12. On 19 August 2016 the applicant lodged an application with the Constitutional Court for a review of the constitutionality and legality (hereinafter "the application for constitutional review") of the Ordinances (see paragraph 5 above), in so far as they classified as "public" the paths crossing the disputed plots of land. He alleged that the Municipality had classified them as public paths in spite of the fact that the urban design plan that had been in force at the time and had been published by way of a municipal ordinance had not envisaged any road classified as "public" in the area. The applicant also referred to the denationalisation proceedings and, more specifically, to the date of their initiation and the issuance of the partial restitution decisions. He alleged that the disputed plots of land, which had been used only by the legal successors of the denationalisation beneficiaries, had been restored in denationalisation proceedings. By having adopted the Ordinances while the denationalisation proceedings had been pending, the Municipality had, in his opinion, violated the Denationalisation Act. He submitted that he had learned of adverse consequences arising from the challenged legal acts on 6 August 2016, when he had been served with the decision by which the restitution of the disputed plots of land had been annulled (see paragraph 9 above). He had relied on the Municipality's existing urban plan and could not have foreseen that, in respect of the disputed plots of land, the Municipality would adopt a regulation incompatible with the Municipality's existing urban plan. The applicant attached copies of, inter alia, the partial restitution decisions, the Unit's decision to declare the partial decisions null and void, and the urban plan. On 19 July 2017 the applicant supplemented his application by referring to, inter alia, (i) the above-mentioned urban plan, (ii) the division of plot of land no. 444/24 into plots that had been classified as "public" and would not be returned (to the denationalisation beneficiaries) and those that had not been classified as public (including plot of land no. 444/29), and (iii) the relevant extracts from the land register showing the status of the disputed plots of land at the relevant time.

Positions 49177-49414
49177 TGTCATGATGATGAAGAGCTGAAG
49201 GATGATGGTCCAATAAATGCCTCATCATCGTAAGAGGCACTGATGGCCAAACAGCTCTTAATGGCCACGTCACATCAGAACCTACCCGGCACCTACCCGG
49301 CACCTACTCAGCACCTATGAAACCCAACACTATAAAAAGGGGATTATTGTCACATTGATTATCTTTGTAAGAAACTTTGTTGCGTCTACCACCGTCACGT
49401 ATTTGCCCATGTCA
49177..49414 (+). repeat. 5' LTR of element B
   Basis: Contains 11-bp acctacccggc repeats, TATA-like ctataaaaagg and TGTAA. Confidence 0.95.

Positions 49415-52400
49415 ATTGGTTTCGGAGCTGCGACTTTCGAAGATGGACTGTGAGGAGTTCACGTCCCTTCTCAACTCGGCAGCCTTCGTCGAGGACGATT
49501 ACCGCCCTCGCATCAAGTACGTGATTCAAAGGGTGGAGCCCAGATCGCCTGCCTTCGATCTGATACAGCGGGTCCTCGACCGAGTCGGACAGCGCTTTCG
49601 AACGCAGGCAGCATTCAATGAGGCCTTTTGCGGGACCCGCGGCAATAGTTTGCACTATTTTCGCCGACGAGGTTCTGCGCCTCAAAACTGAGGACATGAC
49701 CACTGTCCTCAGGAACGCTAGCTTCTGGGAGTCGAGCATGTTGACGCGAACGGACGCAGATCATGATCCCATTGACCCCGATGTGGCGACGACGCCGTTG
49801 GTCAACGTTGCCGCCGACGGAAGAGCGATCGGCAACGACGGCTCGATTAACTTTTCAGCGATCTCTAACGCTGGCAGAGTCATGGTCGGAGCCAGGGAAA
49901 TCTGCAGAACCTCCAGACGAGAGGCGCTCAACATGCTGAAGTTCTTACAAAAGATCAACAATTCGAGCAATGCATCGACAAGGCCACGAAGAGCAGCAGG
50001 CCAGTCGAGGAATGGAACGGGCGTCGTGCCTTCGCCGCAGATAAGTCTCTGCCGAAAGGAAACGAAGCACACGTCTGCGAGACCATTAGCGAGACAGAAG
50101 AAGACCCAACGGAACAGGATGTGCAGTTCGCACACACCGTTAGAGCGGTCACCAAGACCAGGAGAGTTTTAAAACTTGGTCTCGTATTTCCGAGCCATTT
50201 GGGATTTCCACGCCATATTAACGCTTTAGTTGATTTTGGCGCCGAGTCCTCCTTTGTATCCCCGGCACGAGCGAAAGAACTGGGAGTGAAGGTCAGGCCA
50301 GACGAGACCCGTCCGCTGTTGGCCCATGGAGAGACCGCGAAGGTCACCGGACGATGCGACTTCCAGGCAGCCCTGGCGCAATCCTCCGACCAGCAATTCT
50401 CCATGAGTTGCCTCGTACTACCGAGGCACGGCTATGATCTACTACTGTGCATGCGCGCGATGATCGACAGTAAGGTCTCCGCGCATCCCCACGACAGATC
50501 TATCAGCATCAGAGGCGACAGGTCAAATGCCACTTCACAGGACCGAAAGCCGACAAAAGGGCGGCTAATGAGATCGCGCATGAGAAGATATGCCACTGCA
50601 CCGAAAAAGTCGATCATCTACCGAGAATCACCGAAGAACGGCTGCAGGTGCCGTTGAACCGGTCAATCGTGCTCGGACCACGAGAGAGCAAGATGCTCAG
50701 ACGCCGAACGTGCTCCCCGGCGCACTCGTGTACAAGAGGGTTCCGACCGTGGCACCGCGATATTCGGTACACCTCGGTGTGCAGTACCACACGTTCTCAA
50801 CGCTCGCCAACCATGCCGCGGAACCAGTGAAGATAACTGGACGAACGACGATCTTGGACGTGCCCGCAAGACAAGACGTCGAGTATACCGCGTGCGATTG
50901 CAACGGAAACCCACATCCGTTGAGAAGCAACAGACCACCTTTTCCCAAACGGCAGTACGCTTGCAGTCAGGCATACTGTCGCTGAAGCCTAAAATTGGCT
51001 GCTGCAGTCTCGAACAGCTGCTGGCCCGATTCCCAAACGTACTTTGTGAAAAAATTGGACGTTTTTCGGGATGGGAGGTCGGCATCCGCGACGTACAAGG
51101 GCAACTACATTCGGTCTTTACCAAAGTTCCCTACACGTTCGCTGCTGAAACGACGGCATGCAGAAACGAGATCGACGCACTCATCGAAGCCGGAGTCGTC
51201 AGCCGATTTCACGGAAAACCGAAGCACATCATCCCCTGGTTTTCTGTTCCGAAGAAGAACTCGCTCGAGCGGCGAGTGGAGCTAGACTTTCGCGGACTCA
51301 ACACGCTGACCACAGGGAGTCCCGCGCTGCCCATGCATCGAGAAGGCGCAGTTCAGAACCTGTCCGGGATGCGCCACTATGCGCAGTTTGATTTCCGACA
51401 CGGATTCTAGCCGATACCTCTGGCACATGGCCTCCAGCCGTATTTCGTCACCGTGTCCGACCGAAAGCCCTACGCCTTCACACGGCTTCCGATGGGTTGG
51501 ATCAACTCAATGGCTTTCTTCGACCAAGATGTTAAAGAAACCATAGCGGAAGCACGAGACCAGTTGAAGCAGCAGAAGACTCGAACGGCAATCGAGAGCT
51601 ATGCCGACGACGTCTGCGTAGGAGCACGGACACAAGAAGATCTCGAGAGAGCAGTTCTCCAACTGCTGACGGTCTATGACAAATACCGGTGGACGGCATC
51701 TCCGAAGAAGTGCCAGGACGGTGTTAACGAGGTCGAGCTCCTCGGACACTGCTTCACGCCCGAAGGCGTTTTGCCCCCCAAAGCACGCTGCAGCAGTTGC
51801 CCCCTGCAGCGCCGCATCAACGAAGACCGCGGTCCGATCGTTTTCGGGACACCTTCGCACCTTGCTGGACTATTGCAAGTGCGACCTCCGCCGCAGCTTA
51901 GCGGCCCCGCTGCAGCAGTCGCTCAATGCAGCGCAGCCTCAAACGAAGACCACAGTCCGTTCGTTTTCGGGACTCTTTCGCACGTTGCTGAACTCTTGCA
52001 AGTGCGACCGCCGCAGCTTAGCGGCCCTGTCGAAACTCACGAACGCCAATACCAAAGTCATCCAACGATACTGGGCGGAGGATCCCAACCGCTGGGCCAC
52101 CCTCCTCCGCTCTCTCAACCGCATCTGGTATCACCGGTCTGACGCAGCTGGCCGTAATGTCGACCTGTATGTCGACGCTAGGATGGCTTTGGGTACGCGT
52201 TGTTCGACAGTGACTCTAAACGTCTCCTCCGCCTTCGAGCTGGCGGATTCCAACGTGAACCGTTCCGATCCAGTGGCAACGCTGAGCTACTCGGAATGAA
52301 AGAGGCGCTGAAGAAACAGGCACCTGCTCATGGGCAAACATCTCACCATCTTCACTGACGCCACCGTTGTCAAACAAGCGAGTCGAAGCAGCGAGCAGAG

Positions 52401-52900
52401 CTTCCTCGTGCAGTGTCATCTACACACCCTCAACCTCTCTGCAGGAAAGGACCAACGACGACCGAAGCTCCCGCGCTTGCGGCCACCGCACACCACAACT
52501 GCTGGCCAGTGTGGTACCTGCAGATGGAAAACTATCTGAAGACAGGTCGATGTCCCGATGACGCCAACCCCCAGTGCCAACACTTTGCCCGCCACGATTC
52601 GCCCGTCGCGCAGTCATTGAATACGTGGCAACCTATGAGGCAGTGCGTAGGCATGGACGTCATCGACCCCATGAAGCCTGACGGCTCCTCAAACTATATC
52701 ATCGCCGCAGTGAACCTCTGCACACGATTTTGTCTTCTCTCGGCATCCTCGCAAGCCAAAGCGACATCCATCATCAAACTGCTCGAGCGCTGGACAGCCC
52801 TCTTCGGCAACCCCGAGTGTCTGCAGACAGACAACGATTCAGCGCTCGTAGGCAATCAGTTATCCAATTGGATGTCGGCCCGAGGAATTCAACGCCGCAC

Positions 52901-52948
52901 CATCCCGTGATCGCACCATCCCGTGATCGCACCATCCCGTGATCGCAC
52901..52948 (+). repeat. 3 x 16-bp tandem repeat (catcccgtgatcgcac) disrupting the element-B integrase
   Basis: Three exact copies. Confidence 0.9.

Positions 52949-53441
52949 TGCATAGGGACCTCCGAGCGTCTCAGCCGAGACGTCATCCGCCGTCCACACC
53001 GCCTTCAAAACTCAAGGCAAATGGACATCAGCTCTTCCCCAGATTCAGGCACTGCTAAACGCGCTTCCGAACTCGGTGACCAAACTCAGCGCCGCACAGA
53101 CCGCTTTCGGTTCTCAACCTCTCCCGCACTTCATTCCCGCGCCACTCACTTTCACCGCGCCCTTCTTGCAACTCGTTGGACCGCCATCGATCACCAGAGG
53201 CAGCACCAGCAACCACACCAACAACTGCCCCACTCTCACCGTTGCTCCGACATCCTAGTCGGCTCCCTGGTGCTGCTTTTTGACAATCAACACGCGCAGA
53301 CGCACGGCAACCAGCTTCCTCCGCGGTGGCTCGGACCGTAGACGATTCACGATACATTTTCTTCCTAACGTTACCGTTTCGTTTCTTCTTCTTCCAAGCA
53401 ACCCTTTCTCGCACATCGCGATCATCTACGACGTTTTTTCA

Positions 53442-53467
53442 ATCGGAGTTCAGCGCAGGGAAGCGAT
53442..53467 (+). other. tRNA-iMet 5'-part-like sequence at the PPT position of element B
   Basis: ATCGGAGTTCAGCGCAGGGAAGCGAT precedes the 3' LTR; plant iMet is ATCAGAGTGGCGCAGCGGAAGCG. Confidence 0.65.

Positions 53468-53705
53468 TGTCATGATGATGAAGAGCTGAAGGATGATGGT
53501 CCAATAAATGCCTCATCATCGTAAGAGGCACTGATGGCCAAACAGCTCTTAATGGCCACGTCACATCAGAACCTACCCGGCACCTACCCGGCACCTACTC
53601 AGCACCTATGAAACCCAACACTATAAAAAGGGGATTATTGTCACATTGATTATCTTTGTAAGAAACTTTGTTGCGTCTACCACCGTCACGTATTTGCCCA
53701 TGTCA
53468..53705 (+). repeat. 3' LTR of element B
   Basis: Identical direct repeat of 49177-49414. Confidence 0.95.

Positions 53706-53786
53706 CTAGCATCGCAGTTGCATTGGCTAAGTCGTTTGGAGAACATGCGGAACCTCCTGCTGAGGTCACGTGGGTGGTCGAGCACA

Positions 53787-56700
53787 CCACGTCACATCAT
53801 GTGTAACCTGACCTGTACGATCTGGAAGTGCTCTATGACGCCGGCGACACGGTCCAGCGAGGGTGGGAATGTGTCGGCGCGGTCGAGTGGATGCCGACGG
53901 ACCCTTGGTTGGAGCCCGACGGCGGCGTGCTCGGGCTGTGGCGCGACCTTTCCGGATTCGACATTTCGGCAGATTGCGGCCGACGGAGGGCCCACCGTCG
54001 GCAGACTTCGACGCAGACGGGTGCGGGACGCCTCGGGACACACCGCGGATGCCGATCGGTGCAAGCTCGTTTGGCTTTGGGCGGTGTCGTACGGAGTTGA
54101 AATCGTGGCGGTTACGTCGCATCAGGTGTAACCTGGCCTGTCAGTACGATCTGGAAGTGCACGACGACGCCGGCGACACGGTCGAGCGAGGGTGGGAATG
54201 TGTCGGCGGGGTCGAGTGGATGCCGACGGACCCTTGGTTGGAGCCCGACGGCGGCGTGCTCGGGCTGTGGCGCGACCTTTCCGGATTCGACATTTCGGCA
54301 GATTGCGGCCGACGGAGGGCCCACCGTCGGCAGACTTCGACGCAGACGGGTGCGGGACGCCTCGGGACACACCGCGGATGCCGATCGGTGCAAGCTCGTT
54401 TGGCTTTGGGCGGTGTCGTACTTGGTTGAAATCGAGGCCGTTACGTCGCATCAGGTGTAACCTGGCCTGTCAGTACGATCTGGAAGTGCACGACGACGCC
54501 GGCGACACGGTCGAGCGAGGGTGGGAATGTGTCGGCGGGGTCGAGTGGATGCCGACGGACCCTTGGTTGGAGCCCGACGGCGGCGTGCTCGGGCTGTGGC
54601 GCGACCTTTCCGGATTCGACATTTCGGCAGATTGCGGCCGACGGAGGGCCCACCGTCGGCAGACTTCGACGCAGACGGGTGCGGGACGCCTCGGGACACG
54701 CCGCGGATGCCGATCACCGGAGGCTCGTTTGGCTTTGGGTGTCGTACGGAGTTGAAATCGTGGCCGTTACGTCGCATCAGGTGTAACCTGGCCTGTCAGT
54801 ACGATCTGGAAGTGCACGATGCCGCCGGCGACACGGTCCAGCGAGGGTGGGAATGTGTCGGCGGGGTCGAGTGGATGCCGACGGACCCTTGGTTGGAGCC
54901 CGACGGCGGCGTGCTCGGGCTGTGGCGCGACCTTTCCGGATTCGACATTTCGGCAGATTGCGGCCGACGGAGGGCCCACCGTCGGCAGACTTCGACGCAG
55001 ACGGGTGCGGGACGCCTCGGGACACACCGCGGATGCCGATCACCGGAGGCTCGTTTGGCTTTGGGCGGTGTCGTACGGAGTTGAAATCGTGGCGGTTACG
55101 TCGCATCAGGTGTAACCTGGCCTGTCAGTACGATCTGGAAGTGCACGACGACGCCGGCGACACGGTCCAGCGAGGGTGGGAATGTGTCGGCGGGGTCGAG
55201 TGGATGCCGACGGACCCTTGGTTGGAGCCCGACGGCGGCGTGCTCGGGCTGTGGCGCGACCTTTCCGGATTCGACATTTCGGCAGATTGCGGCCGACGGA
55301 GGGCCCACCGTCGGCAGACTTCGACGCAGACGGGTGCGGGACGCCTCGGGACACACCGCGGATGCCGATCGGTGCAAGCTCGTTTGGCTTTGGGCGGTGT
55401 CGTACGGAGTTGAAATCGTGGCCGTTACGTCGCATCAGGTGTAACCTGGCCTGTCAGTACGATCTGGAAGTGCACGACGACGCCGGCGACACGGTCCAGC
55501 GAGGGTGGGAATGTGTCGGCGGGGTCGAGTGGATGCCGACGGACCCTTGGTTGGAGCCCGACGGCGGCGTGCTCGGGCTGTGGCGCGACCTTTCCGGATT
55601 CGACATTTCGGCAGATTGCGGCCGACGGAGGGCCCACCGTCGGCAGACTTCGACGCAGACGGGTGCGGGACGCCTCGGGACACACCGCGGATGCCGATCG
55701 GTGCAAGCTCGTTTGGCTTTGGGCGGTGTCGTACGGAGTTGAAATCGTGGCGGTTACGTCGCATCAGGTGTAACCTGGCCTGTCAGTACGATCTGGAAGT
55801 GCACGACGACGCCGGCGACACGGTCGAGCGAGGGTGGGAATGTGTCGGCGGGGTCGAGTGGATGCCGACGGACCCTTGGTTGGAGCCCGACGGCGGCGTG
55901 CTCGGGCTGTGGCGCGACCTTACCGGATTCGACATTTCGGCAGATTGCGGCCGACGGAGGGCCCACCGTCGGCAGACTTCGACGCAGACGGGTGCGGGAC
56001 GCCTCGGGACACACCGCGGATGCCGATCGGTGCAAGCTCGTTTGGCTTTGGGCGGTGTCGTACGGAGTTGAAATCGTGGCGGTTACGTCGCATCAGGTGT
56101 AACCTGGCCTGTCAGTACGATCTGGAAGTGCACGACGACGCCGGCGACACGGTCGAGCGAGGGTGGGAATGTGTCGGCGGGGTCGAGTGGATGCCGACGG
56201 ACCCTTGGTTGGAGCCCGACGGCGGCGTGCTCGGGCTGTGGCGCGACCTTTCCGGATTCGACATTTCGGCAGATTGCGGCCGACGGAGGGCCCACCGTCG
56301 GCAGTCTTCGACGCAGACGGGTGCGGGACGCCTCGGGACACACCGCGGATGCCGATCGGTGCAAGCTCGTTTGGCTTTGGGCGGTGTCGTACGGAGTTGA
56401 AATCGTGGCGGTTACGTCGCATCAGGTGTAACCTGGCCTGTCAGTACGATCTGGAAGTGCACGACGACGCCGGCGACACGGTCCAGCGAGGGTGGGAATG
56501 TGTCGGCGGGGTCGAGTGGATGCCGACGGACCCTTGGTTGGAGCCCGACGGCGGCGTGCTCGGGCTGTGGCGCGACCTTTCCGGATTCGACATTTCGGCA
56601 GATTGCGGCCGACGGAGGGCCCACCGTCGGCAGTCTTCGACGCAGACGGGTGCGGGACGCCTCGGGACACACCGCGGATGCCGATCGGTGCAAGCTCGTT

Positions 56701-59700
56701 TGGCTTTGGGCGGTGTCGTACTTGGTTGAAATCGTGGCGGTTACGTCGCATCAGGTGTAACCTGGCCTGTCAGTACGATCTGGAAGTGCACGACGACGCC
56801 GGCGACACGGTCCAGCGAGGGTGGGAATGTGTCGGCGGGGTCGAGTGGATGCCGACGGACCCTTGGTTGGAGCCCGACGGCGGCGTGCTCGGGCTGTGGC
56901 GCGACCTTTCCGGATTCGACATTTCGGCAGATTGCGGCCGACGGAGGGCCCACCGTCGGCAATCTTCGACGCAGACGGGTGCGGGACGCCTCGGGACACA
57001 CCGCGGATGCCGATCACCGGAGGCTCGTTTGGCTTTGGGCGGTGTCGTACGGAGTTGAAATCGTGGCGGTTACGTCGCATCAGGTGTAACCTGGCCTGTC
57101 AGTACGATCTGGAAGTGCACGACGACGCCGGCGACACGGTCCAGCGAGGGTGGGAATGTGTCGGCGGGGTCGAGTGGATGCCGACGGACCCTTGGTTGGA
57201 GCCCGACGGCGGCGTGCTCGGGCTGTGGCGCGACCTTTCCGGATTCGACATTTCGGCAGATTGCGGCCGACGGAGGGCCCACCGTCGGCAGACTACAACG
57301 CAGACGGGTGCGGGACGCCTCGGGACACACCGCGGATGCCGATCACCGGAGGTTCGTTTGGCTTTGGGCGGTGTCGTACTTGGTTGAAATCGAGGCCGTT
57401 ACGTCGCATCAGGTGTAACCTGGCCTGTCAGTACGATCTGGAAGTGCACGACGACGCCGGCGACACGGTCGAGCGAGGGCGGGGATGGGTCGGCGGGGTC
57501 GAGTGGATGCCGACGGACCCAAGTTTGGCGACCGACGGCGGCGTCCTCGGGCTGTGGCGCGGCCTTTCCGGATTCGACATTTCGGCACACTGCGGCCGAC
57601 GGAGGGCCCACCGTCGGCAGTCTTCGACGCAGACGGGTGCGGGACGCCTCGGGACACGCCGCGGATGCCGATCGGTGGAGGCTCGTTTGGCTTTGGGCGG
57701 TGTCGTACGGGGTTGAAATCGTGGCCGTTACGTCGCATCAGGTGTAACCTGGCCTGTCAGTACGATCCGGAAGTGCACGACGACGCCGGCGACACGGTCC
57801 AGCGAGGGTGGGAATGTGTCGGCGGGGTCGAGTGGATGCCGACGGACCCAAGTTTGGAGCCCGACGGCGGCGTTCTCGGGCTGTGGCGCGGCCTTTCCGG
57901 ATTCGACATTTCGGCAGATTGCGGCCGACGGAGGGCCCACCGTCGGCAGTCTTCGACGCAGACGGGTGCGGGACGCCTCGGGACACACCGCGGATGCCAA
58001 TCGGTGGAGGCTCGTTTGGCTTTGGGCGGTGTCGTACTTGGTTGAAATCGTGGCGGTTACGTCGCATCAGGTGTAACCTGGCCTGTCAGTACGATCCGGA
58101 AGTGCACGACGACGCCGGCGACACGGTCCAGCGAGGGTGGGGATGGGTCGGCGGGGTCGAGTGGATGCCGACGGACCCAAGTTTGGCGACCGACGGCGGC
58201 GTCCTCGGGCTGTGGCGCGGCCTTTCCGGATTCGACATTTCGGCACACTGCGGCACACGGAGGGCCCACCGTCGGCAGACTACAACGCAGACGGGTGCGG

B. Constitutional Court's decision